Covid-19 pandemic a trigger to change roles

45% of professionals say they are considering career changes in the next 12 months as a result of the pandemic, whilst 17% plan to find a completely new career path in the near future. An indication of an unwillingness by the workforce to return to long commutes and office working, 57% say they plan to find a new role which has a mix of hybrid working, whilst 15% plan to secure a role which is entirely remote.

The Government’s National Remote Work Strategy has set a target of 20% of public sector workers to be working remotely and has pledged to deliver its proposals by the end of 2021. The Strategy’s primary objective is to ensure that remote working is a permanent feature in the Irish workplace in a way that maximises economic, social, and environmental benefits.

Economic optimism from employers

Close to half (46%) of Irish employers are optimistic about the wider economic climate and employment opportunities within the next two to five years, whereas 65% of professionals remain concerned for the same period. However, 23% of professionals say their employer has taken steps to reduce the uncertainty about their career prospects since March 2020.

To add to this, 58% of employers say they expect their organisation’s activity levels to increase over the next 12 months, while over a quarter (28%) expect their organisation’s activity levels to stay the same.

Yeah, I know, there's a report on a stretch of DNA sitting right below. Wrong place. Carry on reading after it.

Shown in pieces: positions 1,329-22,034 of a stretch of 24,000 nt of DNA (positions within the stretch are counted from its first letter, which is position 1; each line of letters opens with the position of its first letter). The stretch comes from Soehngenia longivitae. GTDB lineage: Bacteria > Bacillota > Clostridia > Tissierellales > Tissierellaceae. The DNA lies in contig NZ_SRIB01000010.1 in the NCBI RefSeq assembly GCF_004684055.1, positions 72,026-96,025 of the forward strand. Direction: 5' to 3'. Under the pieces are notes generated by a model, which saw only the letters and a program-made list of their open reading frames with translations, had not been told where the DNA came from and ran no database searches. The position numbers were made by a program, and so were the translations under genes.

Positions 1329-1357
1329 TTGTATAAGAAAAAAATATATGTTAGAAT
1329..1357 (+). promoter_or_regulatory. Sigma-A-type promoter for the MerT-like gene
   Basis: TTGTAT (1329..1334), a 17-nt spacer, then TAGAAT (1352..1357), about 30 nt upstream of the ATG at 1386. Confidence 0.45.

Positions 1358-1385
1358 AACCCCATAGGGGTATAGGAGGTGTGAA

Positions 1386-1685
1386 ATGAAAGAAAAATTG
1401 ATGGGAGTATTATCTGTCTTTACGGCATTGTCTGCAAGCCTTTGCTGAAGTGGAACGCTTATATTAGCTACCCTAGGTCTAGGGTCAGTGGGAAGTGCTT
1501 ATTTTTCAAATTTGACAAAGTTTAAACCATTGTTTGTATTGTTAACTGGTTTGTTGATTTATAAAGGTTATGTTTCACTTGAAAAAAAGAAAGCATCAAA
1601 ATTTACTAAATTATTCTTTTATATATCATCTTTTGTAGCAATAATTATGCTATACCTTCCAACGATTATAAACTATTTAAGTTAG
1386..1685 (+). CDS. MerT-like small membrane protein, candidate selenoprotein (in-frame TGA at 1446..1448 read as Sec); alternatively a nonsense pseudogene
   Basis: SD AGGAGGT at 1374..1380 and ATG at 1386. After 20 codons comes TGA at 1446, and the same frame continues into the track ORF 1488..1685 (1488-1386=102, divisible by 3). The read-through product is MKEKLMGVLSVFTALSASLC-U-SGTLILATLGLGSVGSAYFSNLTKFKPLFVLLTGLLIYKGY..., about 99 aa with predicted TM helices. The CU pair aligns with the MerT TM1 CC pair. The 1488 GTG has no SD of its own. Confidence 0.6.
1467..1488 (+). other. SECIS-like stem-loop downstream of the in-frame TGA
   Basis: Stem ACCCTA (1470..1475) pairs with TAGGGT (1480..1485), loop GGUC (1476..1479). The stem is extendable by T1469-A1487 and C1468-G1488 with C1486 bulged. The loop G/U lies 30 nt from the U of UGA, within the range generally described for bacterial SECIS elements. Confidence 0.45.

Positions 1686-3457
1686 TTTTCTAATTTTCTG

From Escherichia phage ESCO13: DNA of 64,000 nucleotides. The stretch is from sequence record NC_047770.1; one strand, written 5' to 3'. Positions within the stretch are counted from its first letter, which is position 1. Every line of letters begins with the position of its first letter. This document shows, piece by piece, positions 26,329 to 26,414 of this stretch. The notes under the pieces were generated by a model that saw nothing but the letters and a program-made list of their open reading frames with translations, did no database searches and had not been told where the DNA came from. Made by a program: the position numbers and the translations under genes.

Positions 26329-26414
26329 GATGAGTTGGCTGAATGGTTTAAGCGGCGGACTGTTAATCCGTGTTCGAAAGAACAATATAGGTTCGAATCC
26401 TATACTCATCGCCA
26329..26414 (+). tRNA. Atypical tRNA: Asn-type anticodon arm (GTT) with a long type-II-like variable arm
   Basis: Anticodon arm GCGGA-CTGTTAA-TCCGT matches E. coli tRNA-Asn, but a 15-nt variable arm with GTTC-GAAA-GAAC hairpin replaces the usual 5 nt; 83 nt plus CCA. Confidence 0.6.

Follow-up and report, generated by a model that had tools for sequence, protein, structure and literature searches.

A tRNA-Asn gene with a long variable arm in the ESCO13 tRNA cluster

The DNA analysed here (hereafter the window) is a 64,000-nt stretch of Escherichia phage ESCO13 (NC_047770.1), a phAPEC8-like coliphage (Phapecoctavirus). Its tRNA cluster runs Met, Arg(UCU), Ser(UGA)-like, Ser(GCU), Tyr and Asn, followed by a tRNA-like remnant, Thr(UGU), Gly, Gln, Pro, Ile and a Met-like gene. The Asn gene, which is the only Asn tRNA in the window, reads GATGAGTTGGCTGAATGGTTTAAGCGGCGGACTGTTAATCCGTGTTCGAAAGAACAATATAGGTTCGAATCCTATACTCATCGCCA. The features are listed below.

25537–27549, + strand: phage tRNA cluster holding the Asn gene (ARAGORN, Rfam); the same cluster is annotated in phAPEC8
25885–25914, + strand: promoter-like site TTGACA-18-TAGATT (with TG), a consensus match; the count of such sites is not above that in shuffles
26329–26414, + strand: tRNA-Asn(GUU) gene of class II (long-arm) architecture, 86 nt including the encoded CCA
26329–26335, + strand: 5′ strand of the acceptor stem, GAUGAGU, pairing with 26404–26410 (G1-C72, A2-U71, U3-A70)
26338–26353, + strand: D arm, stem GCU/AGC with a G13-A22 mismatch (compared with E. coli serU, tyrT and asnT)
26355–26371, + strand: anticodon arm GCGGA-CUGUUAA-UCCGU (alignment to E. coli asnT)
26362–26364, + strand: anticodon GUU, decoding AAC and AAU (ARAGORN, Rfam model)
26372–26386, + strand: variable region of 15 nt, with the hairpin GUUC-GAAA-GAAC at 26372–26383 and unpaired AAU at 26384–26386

Almost three quarters (71%) of employers expect to hire to meet peaks in demand, 29% expect to hire for access to specific skills for one off projects, whilst 22% expect to hire to cover staff on long term leave. 15% of employers say they are planning on recruiting temporary or interim staff over the next 12 months as a direct result of the Covid-19 pandemic.

Maureen Lynch, Director, Hays Ireland, said:

As we progress through our third and hopefully final lockdown in Ireland, our research offers some reassurance on the economy and recruitment intentions. Albeit a gradual increase, recruitment intentions in Ireland are growing and economic optimism is set to remain steady over the coming year.

“Jobseekers’ priorities have shifted in recent months. In an evolving recruitment environment brought about by the pandemic, to attract and retain the talent they need, Irish employers must refresh their hiring strategy. Our research suggests a workforce which is considering not only role changes, but alternative career paths. Organisations must adapt now to avoid the loss of talent to competitors.

“For employees, of which almost half (45%) are positive about their career prospects this year, there is a need to be ready for a competitive recruitment process if they are looking to change roles in 2021. Ensure that you can clearly demonstrate the value you can bring to a new role or a new organisation, especially in light of the current Covid-19 backdrop.”